Before I came to the Island a year ago I was largely unaware of the variety in and the vitality of the arts scene here. It is possible to come across artists and artisans working in almost every medium and in many cases in very unusual mixed-media. At the season close of The Dunes out at Brackley Beach I came across a piece by a local artist that captured my attention both in the use of mixed forms and because, well because I liked it immediately.
Mary Carr-Chaisson is based in Charlottetown and works out of her Pinhole Photography Gallery . Pinhole photography is the art of taking pictures at its most basic and Carr-Chaisson has been creating images using this technique since the early ’90s. She first learned the skills involved as a fine arts student at Mount Alison University.
She says she enjoys the uniqueness of pinhole photography which allows her to play with abstraction, distortion, and magnification. Her photographs have a vintage air of times past and she admits that she “likes the nostalgic feeling they evoke in the viewer.”
I understand what she means by a “nostalgic feeling” – looking at her photos reminds me of many of the family photos I have stored in that box I mean to go through one of these days. And looking at her equipment I realize that it isn’t all that much different from the old Brownie box camera my mother used to capture those events, moments and people.
So what exactly is a pinhole camera:
This is a very basic camera that can be constructed out of found materials such as cans or boxes, provided it is made light-tight. This can be done by lining the interior with black construction paper, and taping the sides with black electric tape. A small piece of pie plate or thin brass can be used to make the camera lens. The aperture is made by drilling a tiny hole into the brass or pie plate. This is then attached to the body of the camera. A material such as a piece of cardboard or cork can serve as the camera shutter. When taking the picture, a piece of film or photo paper is placed inside the camera opposite the lens. The shutter is then removed from the camera, and the light enters though the tiny pin hole to expose the film or paper behind. A watch can be used to count the time required to take the picture. This type of camera has no light meter, viewfinder, multi-aperture lens, or other features of standard cameras. A lot of patience and practise is required when using a pinhole camera.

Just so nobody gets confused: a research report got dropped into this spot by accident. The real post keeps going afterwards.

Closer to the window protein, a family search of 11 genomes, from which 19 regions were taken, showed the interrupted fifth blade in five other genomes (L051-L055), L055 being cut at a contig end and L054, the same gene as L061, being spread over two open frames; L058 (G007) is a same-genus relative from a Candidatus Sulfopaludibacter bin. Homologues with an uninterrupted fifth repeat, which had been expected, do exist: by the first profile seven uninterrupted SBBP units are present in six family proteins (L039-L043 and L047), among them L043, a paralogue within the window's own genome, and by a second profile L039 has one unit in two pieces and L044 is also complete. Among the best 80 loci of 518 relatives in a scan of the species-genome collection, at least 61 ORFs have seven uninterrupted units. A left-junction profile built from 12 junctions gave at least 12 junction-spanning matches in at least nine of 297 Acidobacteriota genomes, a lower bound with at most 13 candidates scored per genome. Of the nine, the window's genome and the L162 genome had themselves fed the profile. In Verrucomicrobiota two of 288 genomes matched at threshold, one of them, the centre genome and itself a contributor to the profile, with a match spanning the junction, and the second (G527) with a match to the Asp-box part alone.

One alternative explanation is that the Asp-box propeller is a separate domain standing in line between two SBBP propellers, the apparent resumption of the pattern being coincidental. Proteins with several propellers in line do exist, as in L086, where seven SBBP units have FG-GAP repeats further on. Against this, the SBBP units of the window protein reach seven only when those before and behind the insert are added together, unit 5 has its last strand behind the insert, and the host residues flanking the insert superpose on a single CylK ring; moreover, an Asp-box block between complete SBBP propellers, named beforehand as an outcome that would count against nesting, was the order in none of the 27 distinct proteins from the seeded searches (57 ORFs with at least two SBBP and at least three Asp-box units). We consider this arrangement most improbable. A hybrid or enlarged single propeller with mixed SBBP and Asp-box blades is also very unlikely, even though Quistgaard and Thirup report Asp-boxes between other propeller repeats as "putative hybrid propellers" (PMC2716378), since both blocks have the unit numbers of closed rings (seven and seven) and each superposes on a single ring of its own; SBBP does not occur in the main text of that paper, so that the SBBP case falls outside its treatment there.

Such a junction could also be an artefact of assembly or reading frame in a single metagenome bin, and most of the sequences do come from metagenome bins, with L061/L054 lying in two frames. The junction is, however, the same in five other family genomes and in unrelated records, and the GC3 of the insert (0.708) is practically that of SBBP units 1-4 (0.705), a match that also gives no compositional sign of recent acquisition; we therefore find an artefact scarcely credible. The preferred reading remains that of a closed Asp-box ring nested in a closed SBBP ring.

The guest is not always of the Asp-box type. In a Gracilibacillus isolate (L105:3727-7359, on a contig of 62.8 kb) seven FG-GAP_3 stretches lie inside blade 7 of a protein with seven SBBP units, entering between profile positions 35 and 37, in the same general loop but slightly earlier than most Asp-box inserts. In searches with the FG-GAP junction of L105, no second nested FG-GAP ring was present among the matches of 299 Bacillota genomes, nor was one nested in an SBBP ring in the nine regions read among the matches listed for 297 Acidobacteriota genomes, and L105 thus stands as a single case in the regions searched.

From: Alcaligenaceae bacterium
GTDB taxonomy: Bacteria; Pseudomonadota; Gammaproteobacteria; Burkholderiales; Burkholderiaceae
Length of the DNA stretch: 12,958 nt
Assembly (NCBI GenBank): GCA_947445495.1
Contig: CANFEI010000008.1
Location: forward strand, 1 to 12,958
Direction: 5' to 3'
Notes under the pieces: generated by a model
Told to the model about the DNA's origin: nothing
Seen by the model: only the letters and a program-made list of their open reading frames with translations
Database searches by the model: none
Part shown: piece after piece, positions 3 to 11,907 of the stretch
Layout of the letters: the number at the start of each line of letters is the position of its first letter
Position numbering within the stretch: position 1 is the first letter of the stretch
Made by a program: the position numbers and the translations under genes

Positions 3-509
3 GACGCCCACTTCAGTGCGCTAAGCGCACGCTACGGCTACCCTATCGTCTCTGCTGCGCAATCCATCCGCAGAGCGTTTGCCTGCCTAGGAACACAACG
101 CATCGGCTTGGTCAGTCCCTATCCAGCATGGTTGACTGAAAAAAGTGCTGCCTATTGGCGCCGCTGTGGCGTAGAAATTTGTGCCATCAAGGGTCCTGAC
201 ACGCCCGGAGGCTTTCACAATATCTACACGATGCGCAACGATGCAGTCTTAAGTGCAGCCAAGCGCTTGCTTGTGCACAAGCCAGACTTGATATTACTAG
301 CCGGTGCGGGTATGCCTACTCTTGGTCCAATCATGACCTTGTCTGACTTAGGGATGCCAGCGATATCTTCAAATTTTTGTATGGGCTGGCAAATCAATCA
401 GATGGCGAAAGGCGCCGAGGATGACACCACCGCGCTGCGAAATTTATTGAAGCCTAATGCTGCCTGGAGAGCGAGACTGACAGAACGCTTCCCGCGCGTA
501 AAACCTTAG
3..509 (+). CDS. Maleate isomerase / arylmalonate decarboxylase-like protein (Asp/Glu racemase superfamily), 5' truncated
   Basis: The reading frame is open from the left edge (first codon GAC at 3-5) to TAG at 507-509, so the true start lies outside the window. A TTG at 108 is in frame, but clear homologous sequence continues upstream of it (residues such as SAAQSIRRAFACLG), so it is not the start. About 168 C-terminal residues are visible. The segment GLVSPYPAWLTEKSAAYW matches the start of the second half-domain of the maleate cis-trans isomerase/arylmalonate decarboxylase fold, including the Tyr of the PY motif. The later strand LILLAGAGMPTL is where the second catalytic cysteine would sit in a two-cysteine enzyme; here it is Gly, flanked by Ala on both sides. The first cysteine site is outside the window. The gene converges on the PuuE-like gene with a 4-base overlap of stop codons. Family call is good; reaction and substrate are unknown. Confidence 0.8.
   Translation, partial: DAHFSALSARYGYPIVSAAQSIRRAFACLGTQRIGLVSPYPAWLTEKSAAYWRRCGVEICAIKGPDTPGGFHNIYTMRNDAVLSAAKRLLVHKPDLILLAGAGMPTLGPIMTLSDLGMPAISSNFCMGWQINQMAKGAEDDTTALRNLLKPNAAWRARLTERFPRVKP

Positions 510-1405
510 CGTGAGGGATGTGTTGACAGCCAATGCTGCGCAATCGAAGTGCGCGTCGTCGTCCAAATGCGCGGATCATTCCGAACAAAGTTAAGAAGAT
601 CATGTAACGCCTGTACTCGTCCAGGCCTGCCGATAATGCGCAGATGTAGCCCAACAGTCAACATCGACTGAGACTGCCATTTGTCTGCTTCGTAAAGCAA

In the past few years Carr-Chaisson has been taking her photography one step further by combining it with an ancient art that is not that widely practised today: encaustic or hot wax painting. The use of Punic Wax in painting was described in early Greek writing and the earliest existing examples are the Fayum Mummy Portraits from Egypt of 100-300 A.D. In 77 A.D. Pliny the Elder describes the art of wax painting in Book 35 of his encyclopedic Natural History. It was also a known on the island of Samar during the 1500-1800s but is now considered a lost art in the Philippines. In the 20th century there was a minor revival in the use of encaustic by early members of the Bauhaus and by the Mexican muralist movement. It has seen a further revival in the past few years and new tools and materials have made it a more popular art form.
In this case Carr-Chaisson took one of her photographs and mounted it on a wood base that had been covered in white paper. She applied layers of encaustic wax to the photograph, building up some areas, leaving others barely touched by the medium. She also created abstract areas to the right and below the photograph that are heavily built up like faded bars of some mysterious minerals.
Here is the photograph that Mary Carr-Chaisson used as the foundation for the little piece that now graces a wall in our living room. The image of the Warehouse at the Experimental Farm here in Charlottetown was taken with a wooden pinhole camera then created in her darkroom using film and traditionally printed using various darkroom chemicals and washed. Rolling the mouse over the picture will show how she transformed the black and white photograph with the use of pigmented, obaque and clear wax in applied layers.
There is still, for me at least, the evocation of that feeling of nostalgia perhaps now heightened by the hints of faded colour and softness that the wax gives to the image.
P.S. I began thinking the other day, always a dangerous sign, about how heat/cold would affect the piece and was please to find that should it start to melt the best advise was to get out of the building: encaustic wax typically withstands temperatures of up to 120ºF. Also the wax will continue hardening for up to three years and could turn dull. The Eloise hint to restore its gloss: rub gently in one direction with a nylon stoking.